Once a decline begins, no one, including all of the media pundits, can accurately predict the bottom. It is up to every person to determine his/her acceptable level of risk. Contrary to the prevailing media wisdom, one does not have to stay in the market all of the time. One can get out and wait for an up-trend to emerge. The often cited studies that say that one ‘s portfolio underperformed if s/he were out of the market during the days with the largest gains fail to note that one did the best if s/he was out of the market during the days with the worst declines!
I think it is possible to time the market. People also say that once you get out you will miss the bottom and some of the subsequent rise. Hogwash! If I get out of a mutual fund at say, 80, and it falls to 60, as long as I get back in before it goes back above 80, I have managed the risk and done well. And maybe I will get back in around 70 and come out way ahead. I have not exited my university pension mutual funds because of their unacceptable rules against market timing. However, if I were in mtual funds or better still, exchange traded funds which I could trade at will, I would have taken some money off of the table by now.
The technicals are terrible, as reflected in the GMI and GMI2 both registering zero. My trading account doubled since I went back into the market last September at the beginning of the multi-month rally. On September 7, the GMI reached 5 and began a long stream of 5’s and 6’s. Think how well I could do if I only stayed in the market when the GMI was strong! So, I did give up some of my gains as the GMI weakened, but my trading account is still up about 70% since last September. My trading gurus, Darvas and Livermore, used to say that no one forced a person to be in the market and one should only go in when the conditions look favorable. And they couldn’t look much worse right now.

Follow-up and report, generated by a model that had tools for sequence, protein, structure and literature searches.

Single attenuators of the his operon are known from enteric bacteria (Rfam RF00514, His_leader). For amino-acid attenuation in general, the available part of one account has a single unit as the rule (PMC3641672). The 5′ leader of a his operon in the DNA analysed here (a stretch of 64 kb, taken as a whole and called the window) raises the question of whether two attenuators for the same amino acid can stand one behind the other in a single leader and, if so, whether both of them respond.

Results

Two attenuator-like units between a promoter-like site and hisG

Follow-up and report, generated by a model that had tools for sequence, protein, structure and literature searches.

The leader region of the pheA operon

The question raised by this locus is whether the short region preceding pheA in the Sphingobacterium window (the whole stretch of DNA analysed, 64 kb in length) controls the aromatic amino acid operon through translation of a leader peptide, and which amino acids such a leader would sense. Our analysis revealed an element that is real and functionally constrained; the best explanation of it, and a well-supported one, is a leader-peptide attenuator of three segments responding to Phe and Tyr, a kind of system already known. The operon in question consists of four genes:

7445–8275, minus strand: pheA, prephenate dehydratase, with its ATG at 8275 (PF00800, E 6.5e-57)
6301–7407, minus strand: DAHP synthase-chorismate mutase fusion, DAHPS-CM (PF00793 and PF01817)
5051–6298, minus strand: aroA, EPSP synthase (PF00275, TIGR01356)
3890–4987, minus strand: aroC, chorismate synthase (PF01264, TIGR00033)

The GMI and GMI2 are both zero out of 6. All of my short and long term indicators are negative. I do not try to interpret how political and economic events might affect the market. If the reasons for the market’s movements typically become evident after the move, it makes sense to focus on the movement of the market and to not attempt to read the tea leaves. So, almost all of my indicators are designed to discern the current trend of the market. Once I know that, the correct strategy becomes clear to me. The QQQ short term down-trend has now lasted 19 days, but we had a 29 day decline in June, 2010, and a 69 day decline in December, 2008. If we are at D-19 now, it could continue for a while.
However, I do have an indicator that gives me some idea of how oversold the QQQ is now, relative to other recent declines. The chart below of the weekly 10.4.4 stochastic suggests to me that the current decline is approaching the severely oversold levels seen at other recent market bottoms, even during the 2008 debacle. Note that the fast stochastic line (black) in the bottom panel is almost below the horizontal line designating 20%.(Click on chart to enlarge.) However, other big declines ended below the 20% level. So, we may have more to go on the downside. But for me, this is not the time to begin to go short. Then again, no one knows for sure.